Social Disadvantage, Maternal Psychological Distress, and Difficulties in Children’s Social-Emotional Well-Being

Robert Noonan, Stuart Fairclough

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Abstract

This study used data from wave four of the United Kingdom (U.K.) Millennium Cohort Study to examine whether there is an individual (i.e., maternal education) and area-level social disadvantage (i.e., neighborhood deprivation) gradient to difficulties in social-emotional well-being (SEW) in 7-year-old English children. We then investigated to what extent maternal psychological distress (Kessler 6 score) explains the relationship between social disadvantage indicators and boys’ and girls’ SEW difficulties. Subjects consisted of 3661 child–mother dyads (1804 boys and 1857 girls). Results discerned gender differences in the effect social disadvantage indicators have on child SEW difficulties. Maternal education had a comparable effect on boys’ and girls’ SEW difficulties, but a steeper neighborhood deprivation gradient was evident for boys’ SEW difficulties compared to girls’ SEW difficulties. The effect of each social disadvantage indicator on boys’ and girls’ SEW difficulties was for most part direct and strong (p ≤ 0.001) rather than through maternal psychological distress, suggesting that the theoretical framework was incomplete. Here we demonstrate that where children are positioned on the social disadvantage gradient matters greatly to their SEW. Improving the living conditions and health of mothers with psychological distress may offer a pathway to improve child SEW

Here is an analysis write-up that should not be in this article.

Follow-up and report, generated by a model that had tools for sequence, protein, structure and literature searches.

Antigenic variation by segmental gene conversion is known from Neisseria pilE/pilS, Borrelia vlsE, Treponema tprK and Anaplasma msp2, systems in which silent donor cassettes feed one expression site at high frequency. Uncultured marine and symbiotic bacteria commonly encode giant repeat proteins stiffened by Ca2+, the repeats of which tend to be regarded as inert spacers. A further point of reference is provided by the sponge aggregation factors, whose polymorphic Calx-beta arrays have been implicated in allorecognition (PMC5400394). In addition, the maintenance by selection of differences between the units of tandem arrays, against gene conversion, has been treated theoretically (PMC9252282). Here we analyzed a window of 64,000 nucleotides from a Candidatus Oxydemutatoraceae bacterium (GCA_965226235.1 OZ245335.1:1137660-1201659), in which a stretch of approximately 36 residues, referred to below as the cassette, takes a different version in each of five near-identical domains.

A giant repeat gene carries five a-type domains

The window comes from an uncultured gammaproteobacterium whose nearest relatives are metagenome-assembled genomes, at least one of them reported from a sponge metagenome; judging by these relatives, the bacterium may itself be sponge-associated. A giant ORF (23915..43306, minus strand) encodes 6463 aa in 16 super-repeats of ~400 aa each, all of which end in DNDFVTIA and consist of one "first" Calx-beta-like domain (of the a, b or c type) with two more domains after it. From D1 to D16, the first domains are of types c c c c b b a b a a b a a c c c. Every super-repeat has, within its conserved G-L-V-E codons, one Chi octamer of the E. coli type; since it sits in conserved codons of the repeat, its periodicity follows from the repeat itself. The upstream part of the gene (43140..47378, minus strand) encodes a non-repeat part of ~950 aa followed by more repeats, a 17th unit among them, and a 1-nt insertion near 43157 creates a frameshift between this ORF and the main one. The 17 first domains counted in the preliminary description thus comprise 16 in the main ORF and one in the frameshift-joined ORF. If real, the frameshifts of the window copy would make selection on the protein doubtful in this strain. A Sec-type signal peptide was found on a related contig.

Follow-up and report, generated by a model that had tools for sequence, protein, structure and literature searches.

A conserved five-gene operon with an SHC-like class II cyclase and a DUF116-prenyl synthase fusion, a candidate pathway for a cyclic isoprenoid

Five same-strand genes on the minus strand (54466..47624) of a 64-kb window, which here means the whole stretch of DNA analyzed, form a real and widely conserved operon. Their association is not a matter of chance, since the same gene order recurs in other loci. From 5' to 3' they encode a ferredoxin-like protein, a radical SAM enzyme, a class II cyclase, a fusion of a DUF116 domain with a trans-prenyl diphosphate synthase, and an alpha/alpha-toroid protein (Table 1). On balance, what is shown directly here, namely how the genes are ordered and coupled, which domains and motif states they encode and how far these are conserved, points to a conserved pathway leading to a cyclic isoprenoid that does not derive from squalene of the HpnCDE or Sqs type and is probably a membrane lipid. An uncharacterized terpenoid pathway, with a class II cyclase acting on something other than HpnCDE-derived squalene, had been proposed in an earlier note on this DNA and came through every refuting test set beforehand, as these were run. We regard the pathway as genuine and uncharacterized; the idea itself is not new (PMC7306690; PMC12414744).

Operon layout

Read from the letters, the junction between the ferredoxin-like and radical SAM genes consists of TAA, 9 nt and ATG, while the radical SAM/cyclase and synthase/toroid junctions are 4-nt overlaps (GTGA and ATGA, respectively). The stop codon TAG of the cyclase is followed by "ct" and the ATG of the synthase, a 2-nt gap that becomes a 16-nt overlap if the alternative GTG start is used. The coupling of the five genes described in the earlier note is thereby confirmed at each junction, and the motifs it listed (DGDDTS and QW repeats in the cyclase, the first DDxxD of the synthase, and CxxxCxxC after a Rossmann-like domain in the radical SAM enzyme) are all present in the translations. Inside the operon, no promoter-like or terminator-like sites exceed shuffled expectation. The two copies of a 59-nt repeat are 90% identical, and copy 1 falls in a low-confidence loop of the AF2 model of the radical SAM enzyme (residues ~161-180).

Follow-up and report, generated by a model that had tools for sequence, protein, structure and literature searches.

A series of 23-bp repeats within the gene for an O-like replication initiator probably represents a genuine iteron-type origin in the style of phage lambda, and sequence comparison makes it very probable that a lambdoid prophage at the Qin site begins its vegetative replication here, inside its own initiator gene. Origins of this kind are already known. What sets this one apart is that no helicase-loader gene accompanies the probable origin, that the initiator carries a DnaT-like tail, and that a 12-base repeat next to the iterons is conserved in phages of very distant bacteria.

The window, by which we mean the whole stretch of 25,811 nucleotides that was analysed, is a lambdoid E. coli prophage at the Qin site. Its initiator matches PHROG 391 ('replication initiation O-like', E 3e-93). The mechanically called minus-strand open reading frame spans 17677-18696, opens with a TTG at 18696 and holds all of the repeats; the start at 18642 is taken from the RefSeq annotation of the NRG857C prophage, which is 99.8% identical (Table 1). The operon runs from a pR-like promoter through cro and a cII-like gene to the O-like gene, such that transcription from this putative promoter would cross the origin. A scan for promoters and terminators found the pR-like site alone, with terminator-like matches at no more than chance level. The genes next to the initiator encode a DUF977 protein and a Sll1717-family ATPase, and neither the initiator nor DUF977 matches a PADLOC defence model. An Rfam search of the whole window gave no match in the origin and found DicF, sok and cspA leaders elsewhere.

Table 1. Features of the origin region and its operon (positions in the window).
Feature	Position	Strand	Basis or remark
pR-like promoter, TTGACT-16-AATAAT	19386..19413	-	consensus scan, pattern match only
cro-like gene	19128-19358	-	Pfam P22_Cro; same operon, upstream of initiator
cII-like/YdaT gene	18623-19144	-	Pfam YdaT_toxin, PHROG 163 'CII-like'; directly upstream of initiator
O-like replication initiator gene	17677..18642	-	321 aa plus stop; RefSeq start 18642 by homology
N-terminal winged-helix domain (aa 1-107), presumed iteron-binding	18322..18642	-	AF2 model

Original languageEnglish
JournalBehavioral Sciences
Volume103
Issue number8
Early online date11 Nov 2018
DOIs
Publication statusE-pub ahead of print - 11 Nov 2018

Keywords

  • social-emotional well-being
  • maternal psychological distress
  • neighborhood deprivation
  • maternal education

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